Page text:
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free reformate to the fuel cell. Under different operating parameters, the same fuel processor operated up to a <¡1 of 3.8 without carbon formation. During operation at this condition, there were some C-2 hydrocarbons in the reformate stream.

CO Clean-up Technologies

Proton Exchange Membrane (PEM) anode catalysts are poisoned by carbon monoxide. TheLTS converter in the ADL multi-fuel reformer is designed to achieve equilibrium concentrations of CO according to the equilibrium constant of the water-gas shift reaction. In practice, the CO concentration is reduced by the LTS to a range between 0.5 to 1.0% depending on the steam to carbon ratio and the bed operating temperature. However, depending on the PEM fuel cell anode catalyst composition and loading, significant performance degradation can occur at CO concentrations on the order of 10 to 100 ppm. Therefore, some sort of CO polishing device is needed between the fuel processor and the fuel cell. In support of the gasoline reformer program, ADL is working with Los Alamos National Lab (LANL) in order to integrate a LANL preferential oxidizer (PROX) into the reformer system Along with this effort, ADL is also working with Johnson Matthey to integrate their proprietary PROX technology with the gasoline reformer. Finally, ADL is currently testing a proprietary PROX catalyst which features enhanced selectivity over normal platinum based PROX catalysts. This catalyst was tested in a temperature range between 150-270 °C with simulated reformate and has shown CO oxidation rates comparable to conventional PROX catalysts with significantly enhanced selectivity. As another approach to CO clean-up, ADL is also investigating the use of membrane technology to supply pure hydrogen to the fuel cell.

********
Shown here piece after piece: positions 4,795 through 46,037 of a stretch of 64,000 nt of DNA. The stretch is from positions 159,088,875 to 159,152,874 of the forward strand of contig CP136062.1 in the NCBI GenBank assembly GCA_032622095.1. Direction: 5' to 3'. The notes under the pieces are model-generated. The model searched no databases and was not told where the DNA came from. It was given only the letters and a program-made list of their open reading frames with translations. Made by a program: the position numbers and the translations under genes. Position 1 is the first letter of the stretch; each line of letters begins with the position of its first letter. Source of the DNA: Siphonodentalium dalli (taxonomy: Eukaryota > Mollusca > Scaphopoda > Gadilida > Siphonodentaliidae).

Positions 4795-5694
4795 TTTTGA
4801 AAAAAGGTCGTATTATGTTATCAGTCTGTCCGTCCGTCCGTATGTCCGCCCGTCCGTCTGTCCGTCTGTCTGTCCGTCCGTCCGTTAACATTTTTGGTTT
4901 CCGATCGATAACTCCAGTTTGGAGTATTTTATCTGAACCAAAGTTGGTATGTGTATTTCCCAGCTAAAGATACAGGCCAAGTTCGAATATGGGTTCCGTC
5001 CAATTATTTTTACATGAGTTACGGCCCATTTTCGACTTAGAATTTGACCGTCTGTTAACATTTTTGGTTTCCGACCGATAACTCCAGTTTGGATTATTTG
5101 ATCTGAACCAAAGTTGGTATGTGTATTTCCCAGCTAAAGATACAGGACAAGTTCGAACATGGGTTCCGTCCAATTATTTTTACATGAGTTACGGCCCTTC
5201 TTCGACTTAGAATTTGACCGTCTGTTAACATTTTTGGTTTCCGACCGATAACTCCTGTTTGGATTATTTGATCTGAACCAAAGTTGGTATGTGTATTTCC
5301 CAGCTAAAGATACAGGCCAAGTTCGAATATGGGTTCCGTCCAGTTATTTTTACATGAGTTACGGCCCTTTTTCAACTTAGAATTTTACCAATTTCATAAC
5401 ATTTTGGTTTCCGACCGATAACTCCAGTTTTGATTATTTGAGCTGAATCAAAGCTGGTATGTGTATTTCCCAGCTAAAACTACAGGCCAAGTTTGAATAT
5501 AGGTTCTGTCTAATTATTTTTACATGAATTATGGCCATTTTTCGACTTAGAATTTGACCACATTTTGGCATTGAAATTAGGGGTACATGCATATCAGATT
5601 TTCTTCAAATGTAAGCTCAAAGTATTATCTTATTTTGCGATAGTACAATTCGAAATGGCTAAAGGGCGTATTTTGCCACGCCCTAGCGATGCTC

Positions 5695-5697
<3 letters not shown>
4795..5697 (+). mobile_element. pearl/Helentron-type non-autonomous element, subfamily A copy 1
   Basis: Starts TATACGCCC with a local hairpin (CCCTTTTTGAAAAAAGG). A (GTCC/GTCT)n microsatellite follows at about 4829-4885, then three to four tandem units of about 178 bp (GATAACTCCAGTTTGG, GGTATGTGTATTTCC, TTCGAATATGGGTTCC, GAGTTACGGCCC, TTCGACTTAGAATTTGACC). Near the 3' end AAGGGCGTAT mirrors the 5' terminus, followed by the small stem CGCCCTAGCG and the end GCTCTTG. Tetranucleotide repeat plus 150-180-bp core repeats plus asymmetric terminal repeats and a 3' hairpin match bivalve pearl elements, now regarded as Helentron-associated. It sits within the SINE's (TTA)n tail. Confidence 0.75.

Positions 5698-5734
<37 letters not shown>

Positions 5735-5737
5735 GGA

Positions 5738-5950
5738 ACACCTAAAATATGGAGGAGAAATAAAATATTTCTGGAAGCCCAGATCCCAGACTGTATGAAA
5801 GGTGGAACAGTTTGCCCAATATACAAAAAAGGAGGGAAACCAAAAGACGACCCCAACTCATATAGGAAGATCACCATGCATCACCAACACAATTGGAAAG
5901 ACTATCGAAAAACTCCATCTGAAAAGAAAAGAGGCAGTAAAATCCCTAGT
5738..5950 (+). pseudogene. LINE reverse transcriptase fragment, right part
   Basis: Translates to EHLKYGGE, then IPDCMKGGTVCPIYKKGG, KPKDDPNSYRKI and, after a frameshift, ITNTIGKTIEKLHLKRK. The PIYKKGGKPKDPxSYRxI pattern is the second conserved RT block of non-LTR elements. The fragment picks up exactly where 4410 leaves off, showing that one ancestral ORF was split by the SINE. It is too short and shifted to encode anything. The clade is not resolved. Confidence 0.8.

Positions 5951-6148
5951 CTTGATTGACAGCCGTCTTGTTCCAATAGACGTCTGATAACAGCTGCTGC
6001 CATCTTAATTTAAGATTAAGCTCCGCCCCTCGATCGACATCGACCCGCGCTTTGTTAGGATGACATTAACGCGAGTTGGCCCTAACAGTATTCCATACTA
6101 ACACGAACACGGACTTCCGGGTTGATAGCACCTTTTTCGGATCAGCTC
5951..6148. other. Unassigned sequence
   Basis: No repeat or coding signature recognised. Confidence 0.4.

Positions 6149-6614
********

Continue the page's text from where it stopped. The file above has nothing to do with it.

1—'—I—1—I—'—r 1.60 2.00 2.40 2.80 320 3.60

Equivalence Ratio Figure 8. JP-8 POX Conversion

1—'—I—1—I—'—r 1.60 2.00 2.40 2.80 320 3.60

Equivalence Ratio Figure 8. JP-8 POX Conversion

Conclusions

Five years of development effort at Arthur D. Little have resulted in a family of low-cost, small-scale fuel processor designs which have been optimized for multiple fuels, applications, and fuel cell technologies. When properly integrated, system efficiencies of 43% at rated power can be achieved as shown in Table 1, which are similar to reported system efficiencies using methanol steam reformers. Other achievements to date include:

• 2500 + hours of operating experience at 50 kWe on ethanol, gasoline, JP-8, methanol, and natural gas

• Demonstrated performance of .7 kw/1 and .6 kW/kg compares favorably with PNGV targets.

• Simple, automotive-type control system developed.

• Difficult issues resolved with functioning hardware including:

• Vaporization of aromatics

• Catalyst thermal control

• Sulfur Control

• Promising paths for CO control including:

• Proprietary PROX catalyst with enhanced selectivity

• Membrane technology

Table 1. System Performance -E95

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